A woman stands infront of someone who has their hands in the air, the arms and hands are painted white. The woman at the front is in plaited pig tails with red satin bows. she has face paint on her nose and under her eyes to make her look like a dear.


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    Recurs every day until Saturday 4th Nov 2023
  • Wollongong Campus
    Building 29 Theatre G04
  • Contact Detailsassh-events@uow.edu.au

Bachelor of Performance and Theatre Production, University of Wollongong

IPHIGENIA Written by

Suhayla El-Bushra*


Lulu Raczka


What would you do for love in catastrophic times?

The Iphigenia Project is a contemporary retelling of the classic Greek myth ‘Iphigenia at Aulis’.

Iphigenia, Scourge Of Troy (AKA Why Should I Die Cheap?) unfolds the story of Iphigenia, the daughter of Clytemnestra and Agamemnon, king of Mycenae and warlord of the Greek army during the Trojan war. Agamemnon faces a choice in a time of extreme political fervour; to sacrifice his beloved daughter to appease the gods and win the war. The play investigates the psychological complexity that lies within Iphigenia as she wrestles between freedom and the oppression of her parents and her socially constrained position as a princess.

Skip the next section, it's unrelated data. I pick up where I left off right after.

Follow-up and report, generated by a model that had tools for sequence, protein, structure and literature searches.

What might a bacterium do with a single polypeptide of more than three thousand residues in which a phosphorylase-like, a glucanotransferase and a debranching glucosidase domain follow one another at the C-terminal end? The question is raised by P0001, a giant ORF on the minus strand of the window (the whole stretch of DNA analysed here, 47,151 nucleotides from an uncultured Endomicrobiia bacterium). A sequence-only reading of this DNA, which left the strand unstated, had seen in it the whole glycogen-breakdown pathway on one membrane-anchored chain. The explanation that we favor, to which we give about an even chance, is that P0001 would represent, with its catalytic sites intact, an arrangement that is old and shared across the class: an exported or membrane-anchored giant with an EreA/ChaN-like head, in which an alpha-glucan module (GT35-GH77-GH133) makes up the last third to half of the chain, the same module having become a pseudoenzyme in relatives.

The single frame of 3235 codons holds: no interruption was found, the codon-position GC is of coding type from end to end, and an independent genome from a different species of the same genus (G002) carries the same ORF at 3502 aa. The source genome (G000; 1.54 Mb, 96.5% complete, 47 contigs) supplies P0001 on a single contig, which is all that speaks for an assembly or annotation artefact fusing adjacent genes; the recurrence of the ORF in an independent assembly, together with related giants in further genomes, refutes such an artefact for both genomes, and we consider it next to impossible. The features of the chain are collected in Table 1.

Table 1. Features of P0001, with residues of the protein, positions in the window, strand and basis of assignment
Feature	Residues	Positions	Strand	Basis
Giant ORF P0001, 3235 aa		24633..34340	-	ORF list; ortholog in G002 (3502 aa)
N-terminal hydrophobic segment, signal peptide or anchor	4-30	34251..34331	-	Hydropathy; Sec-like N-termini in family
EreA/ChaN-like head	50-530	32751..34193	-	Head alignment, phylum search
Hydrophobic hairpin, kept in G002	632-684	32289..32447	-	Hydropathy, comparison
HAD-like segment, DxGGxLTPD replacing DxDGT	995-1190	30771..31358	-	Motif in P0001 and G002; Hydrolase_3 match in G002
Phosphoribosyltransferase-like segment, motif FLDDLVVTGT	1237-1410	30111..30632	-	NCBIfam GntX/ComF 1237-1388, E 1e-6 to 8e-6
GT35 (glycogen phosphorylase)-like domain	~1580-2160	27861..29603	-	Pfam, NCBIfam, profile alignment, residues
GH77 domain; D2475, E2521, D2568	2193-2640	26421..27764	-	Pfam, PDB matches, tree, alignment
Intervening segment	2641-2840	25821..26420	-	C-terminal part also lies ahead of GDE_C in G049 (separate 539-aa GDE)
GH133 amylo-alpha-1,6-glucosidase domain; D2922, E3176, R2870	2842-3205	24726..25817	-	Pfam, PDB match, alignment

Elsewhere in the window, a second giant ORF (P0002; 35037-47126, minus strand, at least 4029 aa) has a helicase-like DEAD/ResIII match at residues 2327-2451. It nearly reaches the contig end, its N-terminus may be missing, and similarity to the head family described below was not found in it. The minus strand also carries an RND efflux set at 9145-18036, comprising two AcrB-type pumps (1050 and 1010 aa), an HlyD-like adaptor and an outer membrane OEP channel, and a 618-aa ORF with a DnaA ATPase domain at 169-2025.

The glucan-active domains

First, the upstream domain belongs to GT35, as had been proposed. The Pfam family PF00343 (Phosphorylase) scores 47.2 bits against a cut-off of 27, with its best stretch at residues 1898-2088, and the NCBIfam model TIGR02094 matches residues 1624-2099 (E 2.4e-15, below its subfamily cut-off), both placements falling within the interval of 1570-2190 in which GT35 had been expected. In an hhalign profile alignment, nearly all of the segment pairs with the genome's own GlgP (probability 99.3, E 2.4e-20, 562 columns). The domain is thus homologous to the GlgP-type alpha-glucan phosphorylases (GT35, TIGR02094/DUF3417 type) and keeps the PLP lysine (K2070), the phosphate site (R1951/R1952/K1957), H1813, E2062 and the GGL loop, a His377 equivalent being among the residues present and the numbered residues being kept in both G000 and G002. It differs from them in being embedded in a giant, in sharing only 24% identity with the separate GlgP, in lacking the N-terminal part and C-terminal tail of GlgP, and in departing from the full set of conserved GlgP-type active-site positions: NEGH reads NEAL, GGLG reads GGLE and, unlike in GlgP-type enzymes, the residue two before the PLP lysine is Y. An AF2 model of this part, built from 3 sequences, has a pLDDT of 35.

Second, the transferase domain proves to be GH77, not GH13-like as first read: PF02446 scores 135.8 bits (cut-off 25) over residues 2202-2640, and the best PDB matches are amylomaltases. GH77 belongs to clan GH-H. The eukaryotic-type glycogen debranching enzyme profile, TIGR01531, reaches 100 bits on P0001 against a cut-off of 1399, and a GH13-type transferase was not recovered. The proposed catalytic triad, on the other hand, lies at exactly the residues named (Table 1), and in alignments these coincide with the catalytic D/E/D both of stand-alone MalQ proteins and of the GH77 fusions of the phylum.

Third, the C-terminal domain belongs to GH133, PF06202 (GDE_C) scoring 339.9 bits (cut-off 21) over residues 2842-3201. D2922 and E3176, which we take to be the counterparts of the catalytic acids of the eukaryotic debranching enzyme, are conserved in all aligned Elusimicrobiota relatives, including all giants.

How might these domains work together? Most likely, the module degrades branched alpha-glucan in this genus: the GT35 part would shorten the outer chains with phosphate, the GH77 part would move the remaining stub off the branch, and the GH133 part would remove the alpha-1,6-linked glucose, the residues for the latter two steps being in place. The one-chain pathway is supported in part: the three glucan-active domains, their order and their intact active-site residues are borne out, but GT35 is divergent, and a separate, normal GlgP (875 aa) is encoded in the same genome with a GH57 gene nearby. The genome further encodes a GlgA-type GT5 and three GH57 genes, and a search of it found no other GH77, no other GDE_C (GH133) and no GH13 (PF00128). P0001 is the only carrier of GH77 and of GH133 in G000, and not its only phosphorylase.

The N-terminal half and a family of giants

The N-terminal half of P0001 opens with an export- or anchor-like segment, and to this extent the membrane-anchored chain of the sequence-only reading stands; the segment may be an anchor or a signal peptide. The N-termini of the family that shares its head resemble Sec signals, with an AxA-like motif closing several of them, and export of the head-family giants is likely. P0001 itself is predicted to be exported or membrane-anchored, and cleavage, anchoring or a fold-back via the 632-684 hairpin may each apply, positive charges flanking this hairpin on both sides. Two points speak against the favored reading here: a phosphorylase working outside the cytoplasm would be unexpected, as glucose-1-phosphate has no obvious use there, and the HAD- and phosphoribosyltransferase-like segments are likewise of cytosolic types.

Clytemnestra is a poetic and non-narrative imagining of a mother’s raw grief over the loss of her daughter Iphigenia. In times of deep grief and heartbreak we endlessly ruminate over the moment before the act and the nightmare moments after the act and how these tiny moments can transform a person into someone they should never be.

In the creative process with director, cast and creative students we researched and imagined ourselves as part of today’s Ukrainian war. We imagined being the invaders (the Greeks/ Russians) and being invaded (the Trojans/ Ukranians). We asked ourselves what sacrifices would we make in times of desperation and fear? We tried to imagine being responsible for a whole population as well as that of people in positions of power with megalomaniacal egos. In our world today, with global conflict and political instability, the tale of Iphigenia speaks to us now more than ever.